FIG. 2 is a plot of the pressure drop within the choke 100 as a function of choke 100 position using the preferred embodiment of this invention. Pressure, in bar, is shown on the Y-axis 202, while position within the choke 100 is shown on the X-axis 201. From this plot it can be seen that in the preferred embodiment of this invention the shock wave occurs at approximately 17 inches from the choke 100 inlet 203.

FIG. 3 is a plot of the quality of pressure within the choke 100 as a function of choke 100 position using the preferred embodiment of this invention. Quality (as a fraction) is shown on the Y-axis 302, while position within the choke 100 is shown on the X-axis 301. From this plot it can be seen that in the preferred embodiment of this invention the shock wave occurs at approximately 17 inches from the choke 100 inlet 303.

FIG. 4 is a plot of the kinetic power within the choke 100 as a function of the choke 100 position using the preferred embodiment of this invention. Kinetic Power, in KW, is plotted on the Y-axis 402, while position within the choke 100 is shown on the X-axis 401. Again from this plot it can be seen that in the preferred embodiment of this invention the shock wave occurs at approximately 17 inches from the choke 100 inlet 403.

FIG. 5 is a plot of the Mach number of the flow within the choke 100 as a function of the choke 100 position using the preferred embodiment of this invention. The Mach number is plotted on the Y-axis 502, while the position within the choke 1000 is shown on the X-axis 501. Again from this plot it can be seen that in the preferred embodiment of this invention the shock wave occurs at approximately 17 inches from the choke 100 inlet 503.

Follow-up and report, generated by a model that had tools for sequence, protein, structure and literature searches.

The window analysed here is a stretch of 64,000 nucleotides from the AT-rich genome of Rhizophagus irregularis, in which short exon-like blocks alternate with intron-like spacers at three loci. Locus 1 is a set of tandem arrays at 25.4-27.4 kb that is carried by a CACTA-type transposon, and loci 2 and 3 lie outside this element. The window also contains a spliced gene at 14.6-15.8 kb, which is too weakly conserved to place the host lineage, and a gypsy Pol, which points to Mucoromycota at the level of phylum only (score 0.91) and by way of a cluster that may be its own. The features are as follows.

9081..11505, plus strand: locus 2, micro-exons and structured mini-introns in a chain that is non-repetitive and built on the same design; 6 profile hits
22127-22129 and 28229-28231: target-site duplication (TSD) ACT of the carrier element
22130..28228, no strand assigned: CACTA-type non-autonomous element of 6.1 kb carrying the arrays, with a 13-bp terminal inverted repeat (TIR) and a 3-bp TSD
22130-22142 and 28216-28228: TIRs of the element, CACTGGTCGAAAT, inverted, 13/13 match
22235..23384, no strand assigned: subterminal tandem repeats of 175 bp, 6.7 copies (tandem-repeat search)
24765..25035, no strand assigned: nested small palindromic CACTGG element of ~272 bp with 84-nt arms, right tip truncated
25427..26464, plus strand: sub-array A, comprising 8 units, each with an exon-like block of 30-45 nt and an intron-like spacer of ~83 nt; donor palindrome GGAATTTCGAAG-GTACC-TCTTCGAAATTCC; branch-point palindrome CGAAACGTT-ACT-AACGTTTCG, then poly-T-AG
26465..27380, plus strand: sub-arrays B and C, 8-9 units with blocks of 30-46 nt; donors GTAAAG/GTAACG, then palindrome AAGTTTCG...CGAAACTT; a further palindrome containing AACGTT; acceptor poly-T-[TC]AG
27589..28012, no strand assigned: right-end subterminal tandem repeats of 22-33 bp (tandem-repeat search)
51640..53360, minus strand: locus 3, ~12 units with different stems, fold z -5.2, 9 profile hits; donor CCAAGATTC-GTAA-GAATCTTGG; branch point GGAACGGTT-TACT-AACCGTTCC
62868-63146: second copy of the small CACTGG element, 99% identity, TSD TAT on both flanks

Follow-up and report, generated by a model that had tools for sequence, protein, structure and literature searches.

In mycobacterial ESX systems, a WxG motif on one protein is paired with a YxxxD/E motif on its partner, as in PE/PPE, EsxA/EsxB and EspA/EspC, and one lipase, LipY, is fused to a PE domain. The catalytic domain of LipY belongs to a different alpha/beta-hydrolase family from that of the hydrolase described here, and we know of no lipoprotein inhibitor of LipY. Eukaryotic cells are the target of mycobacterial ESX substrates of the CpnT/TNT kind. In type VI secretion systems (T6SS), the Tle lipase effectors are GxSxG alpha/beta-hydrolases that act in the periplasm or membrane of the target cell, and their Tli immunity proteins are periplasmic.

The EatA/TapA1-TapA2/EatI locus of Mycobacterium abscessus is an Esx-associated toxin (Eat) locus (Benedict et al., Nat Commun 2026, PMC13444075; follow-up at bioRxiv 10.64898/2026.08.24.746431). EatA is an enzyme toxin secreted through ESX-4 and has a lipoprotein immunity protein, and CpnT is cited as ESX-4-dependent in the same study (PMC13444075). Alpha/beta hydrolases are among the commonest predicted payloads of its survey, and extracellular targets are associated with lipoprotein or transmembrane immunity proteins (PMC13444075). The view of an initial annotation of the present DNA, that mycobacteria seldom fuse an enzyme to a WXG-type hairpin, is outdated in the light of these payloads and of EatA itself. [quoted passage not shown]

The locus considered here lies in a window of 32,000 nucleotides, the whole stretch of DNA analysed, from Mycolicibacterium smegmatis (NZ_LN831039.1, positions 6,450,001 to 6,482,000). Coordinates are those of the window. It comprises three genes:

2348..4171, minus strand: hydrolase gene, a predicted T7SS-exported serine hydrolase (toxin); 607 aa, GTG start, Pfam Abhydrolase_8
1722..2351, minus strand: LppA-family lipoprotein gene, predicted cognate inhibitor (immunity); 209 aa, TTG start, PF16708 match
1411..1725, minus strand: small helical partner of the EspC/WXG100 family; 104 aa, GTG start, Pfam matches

FIG. 6 is a plot of the temperature of the flow within the choke 100 as a function of the choke 100 position using the preferred embodiment of this invention. The temperature, in degrees Fahrenheit, is shown on the Y-axis 602, while the position within the choke 1000 is shown on the X-axis 601. Again from this plot it can be seen that in the preferred embodiment of this invention the shock wave occurs at approximately 17 inches from the choke 100 inlet 603.

FIG. 7 is a plot of the velocity of sound within the choke 100 as a function of the choke 100 position using the preferred embodiment of this invention. The velocity of sound within the choke, in feet per second, is shown on the Y-axis 702, while the position within the choke 1000 is shown on the X-axis 701. Again from this plot it can be seen that in the preferred embodiment of this invention the shock wave occurs at approximately 17 inches from the choke 100 inlet 703.

FIG. 8 is a plot of the enthalpies of various constituents in the flow within the choke 100 as a function of the choke 100 position using the preferred embodiment of this invention. The enthalpies, in joules per kilogram, are shown on the Y-axis 802, while the position within the choke 1000 is shown on the X-axis 801. Again from this plot it can be seen that in the preferred embodiment of this invention the shock wave occurs at approximately 17 inches from the choke 100 inlet 803.

FIG. 9 is a plot of the pressure plus momentum flux within the choke 100 as a function of choke 100 position using the preferred embodiment of this invention. The momentum flux within the choke 100 is shown on the Y-axis 902, while the position within the choke 100 is shown on the X-axis 901. Again from this plot it can be seen that in the preferred embodiment of this invention the shock wave occurs at approximately 17 inches from the choke 100 inlet 903.